Book review: Kim Young-jin on Lee Chang-dong

(Seoul Selection, 2007) I can imagine that there was a certain amount of discussion about the timing of this book. After a break of some years — enforced by his stint as Roh Moo-hyun’s first Minister for Culture and Tourism — the well-regarded director Lee Chang-dong was active again. His new film, with two of […]

Upcoming books on Korean film

Just as the Korean film scene seems to be losing some of its buzz, books about it are coming thick and fast. 2004 saw the Wallflower Press book (though it seems only last year that it came out); 2005 saw the Julian Stringer / Shin Chi-yun book; and last year came the book on Kim […]

Book review: Kim Hong-joon: Kim Ki-young

Kim Ki-young, Ed Kim Hong-joon KOFIC Korean Film Directors Series Seoul Selection, 2007 KOFIC’s enterprise in bringing out this series is greatly to be welcomed. This current instalment is particularly welcome as English-language materials on Kim Ki-young are few and far between. (Chris Berry’s web project, House of Kim Ki-young, seems to be out of […]

Chung Sung-il: Im Kwon-taek

(Seoul Selection, 2007) Together with its sister publication, the work on Kim Ki-young, this book is the fourth and fifth in KOFIC’s series of monographs on individual Korean directors. It’s also the first time that KOFIC has charged for them. The first three were available for free download from the KOFIC website: these are only […]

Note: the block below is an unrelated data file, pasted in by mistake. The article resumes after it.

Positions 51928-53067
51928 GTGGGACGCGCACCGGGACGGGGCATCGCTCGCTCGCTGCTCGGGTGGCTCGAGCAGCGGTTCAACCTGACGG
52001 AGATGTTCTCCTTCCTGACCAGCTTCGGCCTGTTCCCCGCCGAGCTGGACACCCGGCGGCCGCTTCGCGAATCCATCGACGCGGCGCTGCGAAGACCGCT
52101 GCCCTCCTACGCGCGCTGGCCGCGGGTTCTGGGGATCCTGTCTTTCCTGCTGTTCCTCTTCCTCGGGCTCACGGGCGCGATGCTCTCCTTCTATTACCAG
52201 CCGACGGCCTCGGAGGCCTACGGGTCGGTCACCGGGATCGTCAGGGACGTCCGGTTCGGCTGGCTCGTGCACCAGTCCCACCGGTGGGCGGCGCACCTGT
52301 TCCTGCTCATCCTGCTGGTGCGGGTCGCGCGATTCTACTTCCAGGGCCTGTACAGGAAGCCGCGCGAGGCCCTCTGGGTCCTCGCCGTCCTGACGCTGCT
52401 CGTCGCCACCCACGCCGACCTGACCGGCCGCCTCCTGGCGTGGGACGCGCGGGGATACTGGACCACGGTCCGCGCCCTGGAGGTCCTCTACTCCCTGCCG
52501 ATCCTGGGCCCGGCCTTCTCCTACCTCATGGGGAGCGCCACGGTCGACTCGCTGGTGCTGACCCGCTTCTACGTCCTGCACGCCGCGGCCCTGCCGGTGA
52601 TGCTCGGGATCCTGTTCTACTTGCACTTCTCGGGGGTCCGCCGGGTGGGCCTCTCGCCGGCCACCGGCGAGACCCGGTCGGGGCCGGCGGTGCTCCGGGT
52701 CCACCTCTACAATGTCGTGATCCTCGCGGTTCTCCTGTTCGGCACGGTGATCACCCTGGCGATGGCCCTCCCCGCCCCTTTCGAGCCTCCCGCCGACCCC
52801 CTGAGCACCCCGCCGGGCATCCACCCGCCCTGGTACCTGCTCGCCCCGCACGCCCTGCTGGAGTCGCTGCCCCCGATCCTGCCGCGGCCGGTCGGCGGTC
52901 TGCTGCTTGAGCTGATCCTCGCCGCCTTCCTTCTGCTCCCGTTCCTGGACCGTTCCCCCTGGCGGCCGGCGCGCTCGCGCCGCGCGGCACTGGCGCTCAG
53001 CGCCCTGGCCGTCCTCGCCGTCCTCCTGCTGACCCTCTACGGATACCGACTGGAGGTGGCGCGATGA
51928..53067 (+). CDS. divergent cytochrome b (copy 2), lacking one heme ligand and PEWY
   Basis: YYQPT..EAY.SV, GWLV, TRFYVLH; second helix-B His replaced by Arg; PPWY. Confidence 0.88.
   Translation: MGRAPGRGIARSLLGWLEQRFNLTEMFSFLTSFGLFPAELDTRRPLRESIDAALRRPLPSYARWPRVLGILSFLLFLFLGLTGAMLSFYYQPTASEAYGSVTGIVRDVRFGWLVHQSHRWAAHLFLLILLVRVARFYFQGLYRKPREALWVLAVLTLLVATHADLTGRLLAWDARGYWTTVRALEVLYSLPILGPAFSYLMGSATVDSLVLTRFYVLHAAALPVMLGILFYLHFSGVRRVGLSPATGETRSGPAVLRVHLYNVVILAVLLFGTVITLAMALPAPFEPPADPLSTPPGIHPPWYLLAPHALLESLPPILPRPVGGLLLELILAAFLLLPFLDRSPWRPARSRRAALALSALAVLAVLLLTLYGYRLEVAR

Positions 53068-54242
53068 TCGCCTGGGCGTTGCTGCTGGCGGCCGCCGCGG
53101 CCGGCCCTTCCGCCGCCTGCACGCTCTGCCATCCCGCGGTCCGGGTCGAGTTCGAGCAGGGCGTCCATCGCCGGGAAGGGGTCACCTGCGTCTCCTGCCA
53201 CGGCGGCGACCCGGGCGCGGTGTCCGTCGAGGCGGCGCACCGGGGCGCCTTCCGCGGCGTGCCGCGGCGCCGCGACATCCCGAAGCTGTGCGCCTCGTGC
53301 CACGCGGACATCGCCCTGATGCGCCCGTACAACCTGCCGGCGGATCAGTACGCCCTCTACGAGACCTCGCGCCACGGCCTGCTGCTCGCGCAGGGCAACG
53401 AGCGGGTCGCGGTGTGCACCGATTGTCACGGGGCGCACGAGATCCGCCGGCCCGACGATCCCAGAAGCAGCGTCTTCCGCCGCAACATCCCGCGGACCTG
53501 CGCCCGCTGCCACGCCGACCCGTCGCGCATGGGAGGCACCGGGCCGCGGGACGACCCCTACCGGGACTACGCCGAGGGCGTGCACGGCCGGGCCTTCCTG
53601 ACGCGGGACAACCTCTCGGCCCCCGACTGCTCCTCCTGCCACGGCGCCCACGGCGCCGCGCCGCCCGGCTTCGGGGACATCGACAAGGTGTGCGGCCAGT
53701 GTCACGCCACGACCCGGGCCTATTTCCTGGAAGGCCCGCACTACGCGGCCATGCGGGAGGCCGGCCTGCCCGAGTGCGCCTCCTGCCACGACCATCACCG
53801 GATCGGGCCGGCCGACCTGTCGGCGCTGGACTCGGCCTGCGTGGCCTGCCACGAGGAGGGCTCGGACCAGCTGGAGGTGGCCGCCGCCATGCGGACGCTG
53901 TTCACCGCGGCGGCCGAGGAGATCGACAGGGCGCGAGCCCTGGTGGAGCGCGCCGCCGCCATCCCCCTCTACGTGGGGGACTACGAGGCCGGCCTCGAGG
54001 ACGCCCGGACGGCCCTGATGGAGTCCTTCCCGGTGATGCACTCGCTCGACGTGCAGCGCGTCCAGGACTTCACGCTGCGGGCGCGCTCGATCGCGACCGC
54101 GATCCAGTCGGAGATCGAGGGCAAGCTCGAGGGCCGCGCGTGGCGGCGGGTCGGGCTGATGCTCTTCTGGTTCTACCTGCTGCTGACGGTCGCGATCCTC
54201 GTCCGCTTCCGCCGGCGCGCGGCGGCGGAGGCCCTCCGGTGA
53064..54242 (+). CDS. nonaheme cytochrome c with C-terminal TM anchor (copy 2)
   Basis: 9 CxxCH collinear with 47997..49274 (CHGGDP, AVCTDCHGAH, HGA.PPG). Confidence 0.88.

Adrien Gombeaud and others: Kim Ki-duk

(Dis Voir, 2006) Adrien Gombeaud / Anaïd Demir / Cédric Lagandré / Catherine Capdeville-Zeng / Daniele Rivière The best French organists are known for their improvisation skills. Suggest a theme, and they will start a journey from it, sometimes referring back to it but often exploring strange new vistas completely unrelated to it. The essays […]

Fetishes, Phalluses and Mini-skirts – a review of The Remasculinization of Korean Cinema

Kyung-Hyun Kim: The Remasculinization of Korean Cinema Duke University Press, 2004 This book is for a restricted academic readership only. I can empathise with the feeling of inadequacy, crisis and male lack which, according to Kim, plagues the majority of protagonists in Korean film (though there is a difference between me and them, namely that […]

Hyangjin Lee: Contemporary Korean Cinema

(Manchester UP, 2000) If you can cut through the occasionally inelegant prose this book is a very interesting study, particularly in its inclusion of North Korean films. Recommended. Links: Read a proper review of this over at the Korean Studies portal Buy Contemporary Korean Cinema: Culture, Identity and Politics at Amazon

New book on Kim Ki-duk

For all you fans of this inventive director, there’s a new book out. I’ll post some comments once I’ve read it, but that won’t be for a while as I’ve got quite a backlog to get through. That plus the fact that the English version won’t be available until November 2006, according to Amazon. Update: […]